When G and F are such that ZF(G) intersect BF(G)={0}, we say that ZF(G) and BF(G) are disjoint. Then CF(G) is the direct sum of ZF(G) and BF(G), and every member of CF(G) can be written uniquely as the direct sum of a cycle and a cocyle. If c=z+b, with z in ZF(G) and b in BF(G), we say that z is the cycle part of c and b is the cocyle part of c. We also say that z is the projection of c onto its cycle part and that b is the projection of c onto its cocyle part.

To obtain expressions for these projections, it is convenient to re-use "AT" and "BT" as names for linear transformations. If T is tree of G, define AT : C -> C and BT : C -> C by:

AT(e)=ATe if e is not in T,
AT(e)=0 if e is in T,
BT(e)=0 if e is not in T, and
BT(e)=BTe if e is in T.

Recall that if f : C -> C is a linear transformation there is a unique f* : C -> C that is linear with (fc1,c2 )=(c2,f*c2 ). The transformation f* is called the adjoint of f. If we treat f as a matrix and c1, c2 as vectors:

(fc1,c2 ) = (fc1 )tc2 = (c1tf t)c2 = c1t(f tc2 ) = (c1,f tc2 ),

where f t is the usual transpose of f. If F is the complex numbers, we might have used conjugate transpose instead of transpose, except we have decided to use the same inner product form for all fields. We have established the existence of a linear transformation of the required type. To establish uniqueness, simply note: that if (fc1,c2 )=(c1,gc2 )=(c1,hc2 ), then (c1,(g-h)c2 )=0. Since this is to be true for every c1 and c2, g-h must send every c2 to 0. Thus g-h=0 and g=h.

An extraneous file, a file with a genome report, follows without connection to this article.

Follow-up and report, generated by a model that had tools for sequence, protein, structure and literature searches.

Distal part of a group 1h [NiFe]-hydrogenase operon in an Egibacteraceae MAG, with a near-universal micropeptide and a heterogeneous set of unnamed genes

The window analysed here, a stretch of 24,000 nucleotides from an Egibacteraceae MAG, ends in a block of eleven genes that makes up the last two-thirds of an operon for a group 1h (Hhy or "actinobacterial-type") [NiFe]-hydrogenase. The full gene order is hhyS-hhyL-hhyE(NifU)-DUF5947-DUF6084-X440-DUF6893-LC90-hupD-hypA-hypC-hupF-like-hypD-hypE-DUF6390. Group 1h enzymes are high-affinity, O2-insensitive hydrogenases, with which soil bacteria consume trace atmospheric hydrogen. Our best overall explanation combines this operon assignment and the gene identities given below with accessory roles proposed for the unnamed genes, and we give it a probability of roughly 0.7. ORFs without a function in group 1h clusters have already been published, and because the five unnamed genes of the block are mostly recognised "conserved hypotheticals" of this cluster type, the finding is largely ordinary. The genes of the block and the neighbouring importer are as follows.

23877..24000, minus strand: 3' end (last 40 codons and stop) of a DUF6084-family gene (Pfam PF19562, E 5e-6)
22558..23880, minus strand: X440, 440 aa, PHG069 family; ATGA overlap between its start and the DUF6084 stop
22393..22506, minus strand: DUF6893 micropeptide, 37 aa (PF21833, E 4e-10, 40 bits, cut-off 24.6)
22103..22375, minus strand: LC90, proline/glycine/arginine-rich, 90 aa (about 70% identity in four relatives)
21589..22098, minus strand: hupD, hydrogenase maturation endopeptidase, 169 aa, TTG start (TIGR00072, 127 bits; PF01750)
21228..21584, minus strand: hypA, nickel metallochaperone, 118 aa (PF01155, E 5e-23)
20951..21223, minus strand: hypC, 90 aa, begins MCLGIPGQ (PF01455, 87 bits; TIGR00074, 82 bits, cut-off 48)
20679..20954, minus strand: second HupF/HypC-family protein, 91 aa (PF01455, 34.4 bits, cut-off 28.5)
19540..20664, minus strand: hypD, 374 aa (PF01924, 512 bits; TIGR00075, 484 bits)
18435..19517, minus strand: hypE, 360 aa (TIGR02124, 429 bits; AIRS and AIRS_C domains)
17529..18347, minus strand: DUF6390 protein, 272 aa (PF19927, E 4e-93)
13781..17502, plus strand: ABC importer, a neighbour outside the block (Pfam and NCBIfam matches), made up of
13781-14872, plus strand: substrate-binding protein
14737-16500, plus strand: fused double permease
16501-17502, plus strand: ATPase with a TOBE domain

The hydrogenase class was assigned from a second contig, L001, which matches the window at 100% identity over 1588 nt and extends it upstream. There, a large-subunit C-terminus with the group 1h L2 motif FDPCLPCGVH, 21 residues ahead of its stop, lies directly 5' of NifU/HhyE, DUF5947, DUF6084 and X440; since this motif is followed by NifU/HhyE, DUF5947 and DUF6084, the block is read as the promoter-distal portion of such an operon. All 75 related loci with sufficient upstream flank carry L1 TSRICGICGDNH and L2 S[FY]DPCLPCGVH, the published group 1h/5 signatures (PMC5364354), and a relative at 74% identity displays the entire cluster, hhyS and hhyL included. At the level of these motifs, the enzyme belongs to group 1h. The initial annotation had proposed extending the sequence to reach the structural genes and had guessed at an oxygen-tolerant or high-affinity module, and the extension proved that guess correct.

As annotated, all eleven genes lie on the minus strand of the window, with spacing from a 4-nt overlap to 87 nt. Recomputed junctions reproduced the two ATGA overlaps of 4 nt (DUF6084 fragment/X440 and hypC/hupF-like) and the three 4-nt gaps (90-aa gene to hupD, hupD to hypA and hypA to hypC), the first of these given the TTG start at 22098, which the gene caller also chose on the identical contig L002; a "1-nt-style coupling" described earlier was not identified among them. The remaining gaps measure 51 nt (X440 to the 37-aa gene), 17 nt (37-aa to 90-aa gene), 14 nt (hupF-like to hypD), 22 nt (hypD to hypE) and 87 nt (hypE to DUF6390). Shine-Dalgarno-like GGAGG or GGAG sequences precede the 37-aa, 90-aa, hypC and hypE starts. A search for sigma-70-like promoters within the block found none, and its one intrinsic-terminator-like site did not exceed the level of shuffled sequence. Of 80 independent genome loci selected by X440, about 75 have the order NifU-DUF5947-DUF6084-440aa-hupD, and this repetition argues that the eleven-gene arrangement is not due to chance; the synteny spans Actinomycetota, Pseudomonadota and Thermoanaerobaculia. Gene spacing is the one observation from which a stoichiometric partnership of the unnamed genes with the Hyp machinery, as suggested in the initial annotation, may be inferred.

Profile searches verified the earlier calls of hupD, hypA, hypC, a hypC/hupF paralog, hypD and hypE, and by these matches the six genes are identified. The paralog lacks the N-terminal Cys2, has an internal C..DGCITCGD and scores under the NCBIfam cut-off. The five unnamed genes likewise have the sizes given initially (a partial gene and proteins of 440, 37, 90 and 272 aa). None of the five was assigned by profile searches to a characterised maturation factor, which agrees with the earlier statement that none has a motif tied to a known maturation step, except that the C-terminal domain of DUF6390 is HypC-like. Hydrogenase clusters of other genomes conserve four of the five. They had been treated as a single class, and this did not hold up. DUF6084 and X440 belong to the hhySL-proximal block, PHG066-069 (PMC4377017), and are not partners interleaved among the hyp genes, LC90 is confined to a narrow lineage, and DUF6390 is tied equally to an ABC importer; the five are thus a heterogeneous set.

We now proceed to prove a fact about a certain linear transfomation that is defined in terms of spanning trees.

Let R : C -> C be linear with Rei=riei, and define wT to be the product of the factors ri, where ei is not in T. Finally, define H : C -> C by: H = wT1AT1+...+wTkATk, where the sum is over all spanning trees, Ti. We will show that RH is self-adjoint, and then use this information to investigate a certain problem that has its origins in electrical network theory and to investigate under what circumstances the spaces Z and B are disjoint.